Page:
Monday, 16 May 2011

1:03:46 - Eton Super Sprint

Swim 400m - 5:24
T1 - 1:33
Bike 20km - 36:26
T2 - 1:19
Run 5km - 19:03

Over the Weekend
Under 30: 8 out of 74
Overall: 59 out of 1,517 finishers

Not quite there, but a good showing.  I'm happy with the race and of course, plenty of takeaways to work on.

The story begins on Saturday evening when I took the bike outside for a scrub down.  Half-way through de-greasing the chain, I ran out of de-greaser.  'No big deal, it's just a training race, bike does not have to be tip-top.'  Removed the wheels, wet the bike and spray on the cleaner.  A few minutes to reflect on Sunday's race, then back to the bike.  Wash off the suds, toothbrush scrub to the grimy bits, wipe it down and wheels back on... 'F&@%!' Axle snapped!  Worried for tomorrow's race? No, I was in too much shock and disbelief at what just happened to think that far in advance.  I mean, my lack of force usually gives me problems locking the axle back in place, and I know I've been consuming lots of whey, but this was just ridiculous.

After the initial shock wore off, yes, anxiety and panic struck: 'Is Cycle Surgery still open at this time?  Maybe Evan's?  They usually close at the same time.  But how would I get the bike down there, walk it down?  That'll take forever.  Maybe I can borrow a bike from a friend?  Alan is out of town, who's next?  No one with clip pedals, what's the point if I can't compete well?  Ok, breath deep, start time is 3.30 in the afternoon, let's head upstairs, relax a bit and worse comes to worst, I can sort it out tomorrow before catching the train.'  The last thought, the most rational, was great because as soon as I got upstairs, I realized there's an extra axle from the turbo trainer, problem solved.

Saturday night was quiet, hanging with Natsuko and in bed before 10.  Sunday morning lie-in, brilliant.  Up just before 8, hung around the flat, sorted out racing kit, some lunch and on the bike to Waterloo for the train to Windsor.

Hour on the train, 20mins on the bike and I arrived at Eton Rowing Lake.  Cloudy, but no rain, good enough for me.  Registration, a bit of time watching prior waves go through their race and finally time to prepare.  Tri-suit, belt with number, racing chip, wet suit, bike racked and set to an easy gear, cycle shoes open, cycle drink ready, run shoes open and run drink in a light, easy to carry bottle, check.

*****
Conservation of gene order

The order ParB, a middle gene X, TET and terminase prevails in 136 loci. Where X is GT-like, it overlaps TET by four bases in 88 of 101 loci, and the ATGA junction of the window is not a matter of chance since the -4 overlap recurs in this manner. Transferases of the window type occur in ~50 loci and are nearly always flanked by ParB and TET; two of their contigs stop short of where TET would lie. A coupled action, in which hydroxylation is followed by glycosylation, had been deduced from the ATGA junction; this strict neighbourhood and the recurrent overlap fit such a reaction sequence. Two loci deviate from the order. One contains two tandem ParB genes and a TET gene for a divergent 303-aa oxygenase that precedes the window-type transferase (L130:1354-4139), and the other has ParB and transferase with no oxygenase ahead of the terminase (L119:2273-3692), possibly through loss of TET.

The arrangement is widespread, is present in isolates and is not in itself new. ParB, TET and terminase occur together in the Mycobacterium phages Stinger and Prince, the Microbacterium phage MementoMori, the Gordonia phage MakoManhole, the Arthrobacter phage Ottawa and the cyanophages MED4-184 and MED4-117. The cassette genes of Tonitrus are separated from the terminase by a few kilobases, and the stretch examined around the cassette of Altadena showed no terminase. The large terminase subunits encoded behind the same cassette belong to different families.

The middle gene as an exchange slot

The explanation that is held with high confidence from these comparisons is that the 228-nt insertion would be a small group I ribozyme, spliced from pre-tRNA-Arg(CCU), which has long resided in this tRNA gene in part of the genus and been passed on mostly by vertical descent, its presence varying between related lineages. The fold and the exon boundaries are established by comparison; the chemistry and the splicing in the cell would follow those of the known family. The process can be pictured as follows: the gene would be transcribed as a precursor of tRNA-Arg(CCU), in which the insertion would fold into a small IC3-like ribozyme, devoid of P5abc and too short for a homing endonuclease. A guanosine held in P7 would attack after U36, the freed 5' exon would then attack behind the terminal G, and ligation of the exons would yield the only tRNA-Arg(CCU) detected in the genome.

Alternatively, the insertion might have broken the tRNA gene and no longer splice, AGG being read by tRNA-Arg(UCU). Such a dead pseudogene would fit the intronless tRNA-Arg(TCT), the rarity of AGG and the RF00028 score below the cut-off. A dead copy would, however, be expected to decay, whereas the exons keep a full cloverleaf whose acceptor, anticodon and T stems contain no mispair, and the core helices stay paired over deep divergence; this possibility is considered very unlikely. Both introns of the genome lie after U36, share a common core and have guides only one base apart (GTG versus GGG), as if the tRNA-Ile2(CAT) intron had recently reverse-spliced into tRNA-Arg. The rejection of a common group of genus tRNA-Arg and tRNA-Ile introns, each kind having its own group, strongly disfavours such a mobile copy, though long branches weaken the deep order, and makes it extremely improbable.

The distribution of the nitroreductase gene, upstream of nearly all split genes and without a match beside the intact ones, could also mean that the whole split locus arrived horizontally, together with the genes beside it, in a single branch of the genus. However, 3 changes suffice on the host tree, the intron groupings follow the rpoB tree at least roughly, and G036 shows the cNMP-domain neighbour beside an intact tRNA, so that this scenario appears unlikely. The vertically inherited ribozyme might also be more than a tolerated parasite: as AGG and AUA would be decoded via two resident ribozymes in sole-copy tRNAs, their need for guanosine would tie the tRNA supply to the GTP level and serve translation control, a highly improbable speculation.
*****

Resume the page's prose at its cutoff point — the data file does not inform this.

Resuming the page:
In to the water early, cold, 16C, but not too bad once I got a warm-up going.  The starter called for our attention and quickly directed it to the one guy still standing on the ramp waiting to get in the water.  He had no wet suit.  The lone wolf, crazy and scared, the crowd of wading red caps shouted words of encouragement, or were they jeers?  Either way, he finally got in and the look on his face was priceless, like a punch to the gut from one of the Klitschkos, he just didn't know how to react.  Eventually we re-focused on the race, listened to the race explanation and BANG, we're off.

Typically I shy toward the outside to avoid the crowd and work my to the inside as the number of people up front thins out.  Not this time.  I found myself in an awkward spot, the center of all the action, as we were about to take-off, and I had no time to cower to my normal spot.  So, I sucked it up and swam the first 50m in white water of feet and hands.  By the time we hit 150m, one guy had broken away, 10secs ahead of me and I was alone as number 2.  We finished in the same positions, he pulled further ahead and no one had caught me.